By the way: Kariba Lake -- huge, a result of damning the river  in 1961 -- is only used for power generation.  I asked Rob why it wasn't used for irrigation of the thousands of square miles surrounding it, and he said that there'd been a plan to pipe water to the lowland veldt,  but that nothing had happened.  "Why?", I asked.  Rob answers: "Why would the politicians spend money on the country, when they could use it to buy another villa in Europe?"...
Enough of that, onto some piccies. 
The mighty Mustang squeaks on the Kariba Ferry
The ferry ride across Kariba dam – 330 km long and about 50km wide – was a pleasant affair, beginning at 10:00 yesterday and finishing here at Kariba at 08:00 this morning.  We squeezed 13 cars on board, with inches to spare, and about 30 people.  Rob, Clement and Lazarus (another Lazarus; see above "Catch-up photos"…) looked after us very well, with lunch, afternoon tea, snacks of local fresh-water whitebait, dinner then sleeping on mattresses on the deck.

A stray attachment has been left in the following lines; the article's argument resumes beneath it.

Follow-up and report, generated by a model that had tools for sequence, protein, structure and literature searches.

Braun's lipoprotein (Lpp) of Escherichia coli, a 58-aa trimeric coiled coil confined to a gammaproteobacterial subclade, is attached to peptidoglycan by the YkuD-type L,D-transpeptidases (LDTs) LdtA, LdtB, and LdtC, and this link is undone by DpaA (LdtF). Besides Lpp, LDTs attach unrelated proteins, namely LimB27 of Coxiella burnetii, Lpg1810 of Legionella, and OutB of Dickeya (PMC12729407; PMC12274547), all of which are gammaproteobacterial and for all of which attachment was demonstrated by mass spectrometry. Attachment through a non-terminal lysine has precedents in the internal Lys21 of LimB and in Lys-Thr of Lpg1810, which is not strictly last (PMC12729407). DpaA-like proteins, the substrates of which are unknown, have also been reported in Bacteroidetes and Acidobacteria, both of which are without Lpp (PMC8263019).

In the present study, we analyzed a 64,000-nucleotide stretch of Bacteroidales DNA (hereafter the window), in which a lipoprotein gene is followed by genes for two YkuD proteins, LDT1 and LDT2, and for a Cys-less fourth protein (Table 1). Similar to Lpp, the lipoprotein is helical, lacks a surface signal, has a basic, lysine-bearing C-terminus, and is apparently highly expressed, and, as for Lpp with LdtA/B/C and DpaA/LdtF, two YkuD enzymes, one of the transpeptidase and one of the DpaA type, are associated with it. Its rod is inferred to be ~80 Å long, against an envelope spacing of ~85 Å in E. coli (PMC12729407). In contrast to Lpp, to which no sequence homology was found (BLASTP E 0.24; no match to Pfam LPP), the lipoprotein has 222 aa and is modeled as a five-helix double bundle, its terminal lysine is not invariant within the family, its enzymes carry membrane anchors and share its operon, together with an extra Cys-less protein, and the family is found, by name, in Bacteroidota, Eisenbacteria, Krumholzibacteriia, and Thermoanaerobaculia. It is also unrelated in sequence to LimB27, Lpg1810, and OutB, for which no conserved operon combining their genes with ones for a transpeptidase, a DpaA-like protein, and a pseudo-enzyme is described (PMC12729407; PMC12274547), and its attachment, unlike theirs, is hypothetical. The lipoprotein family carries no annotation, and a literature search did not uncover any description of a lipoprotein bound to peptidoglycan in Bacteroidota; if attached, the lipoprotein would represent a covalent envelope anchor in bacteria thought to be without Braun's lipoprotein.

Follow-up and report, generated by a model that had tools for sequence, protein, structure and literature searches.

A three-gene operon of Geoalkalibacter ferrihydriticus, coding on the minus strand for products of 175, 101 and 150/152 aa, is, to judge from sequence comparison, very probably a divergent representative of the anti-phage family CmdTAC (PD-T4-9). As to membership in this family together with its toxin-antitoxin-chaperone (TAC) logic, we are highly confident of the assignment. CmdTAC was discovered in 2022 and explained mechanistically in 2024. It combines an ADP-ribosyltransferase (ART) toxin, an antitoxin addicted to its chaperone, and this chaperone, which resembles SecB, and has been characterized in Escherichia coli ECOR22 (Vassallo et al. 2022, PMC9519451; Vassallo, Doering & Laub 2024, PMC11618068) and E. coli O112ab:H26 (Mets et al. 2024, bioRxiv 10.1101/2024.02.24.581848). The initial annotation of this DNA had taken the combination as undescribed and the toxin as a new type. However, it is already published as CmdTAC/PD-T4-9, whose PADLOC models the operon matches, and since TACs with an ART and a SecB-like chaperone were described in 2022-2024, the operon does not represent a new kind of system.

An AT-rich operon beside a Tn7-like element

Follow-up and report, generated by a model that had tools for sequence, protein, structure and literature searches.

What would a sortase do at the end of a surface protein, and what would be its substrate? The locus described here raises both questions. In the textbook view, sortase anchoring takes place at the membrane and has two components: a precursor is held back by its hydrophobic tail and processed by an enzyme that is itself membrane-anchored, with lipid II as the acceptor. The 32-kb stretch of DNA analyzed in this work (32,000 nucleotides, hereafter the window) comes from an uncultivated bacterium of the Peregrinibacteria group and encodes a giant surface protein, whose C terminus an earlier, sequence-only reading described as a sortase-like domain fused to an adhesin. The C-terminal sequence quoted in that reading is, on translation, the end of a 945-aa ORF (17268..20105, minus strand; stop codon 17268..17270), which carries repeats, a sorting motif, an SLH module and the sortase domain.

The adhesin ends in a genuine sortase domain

The ferry stopped about 5pm, for a change over of generators and for us to have a swim.
Swimming in the middle of the Kariba Dam

This morning a simple 240km trip up to Lusaka, which took us all day nonetheless, as we had an hour or so at the Zimbabwean border then another two hours on the Zambian border.  I’m  getting used to African time….
Carmen being patient, at Zambian border -- 2 hours....

Female Kudu, in the grounds of the Lusaka Protea Lodge
where I'm sitting blogging... She makes nice biltong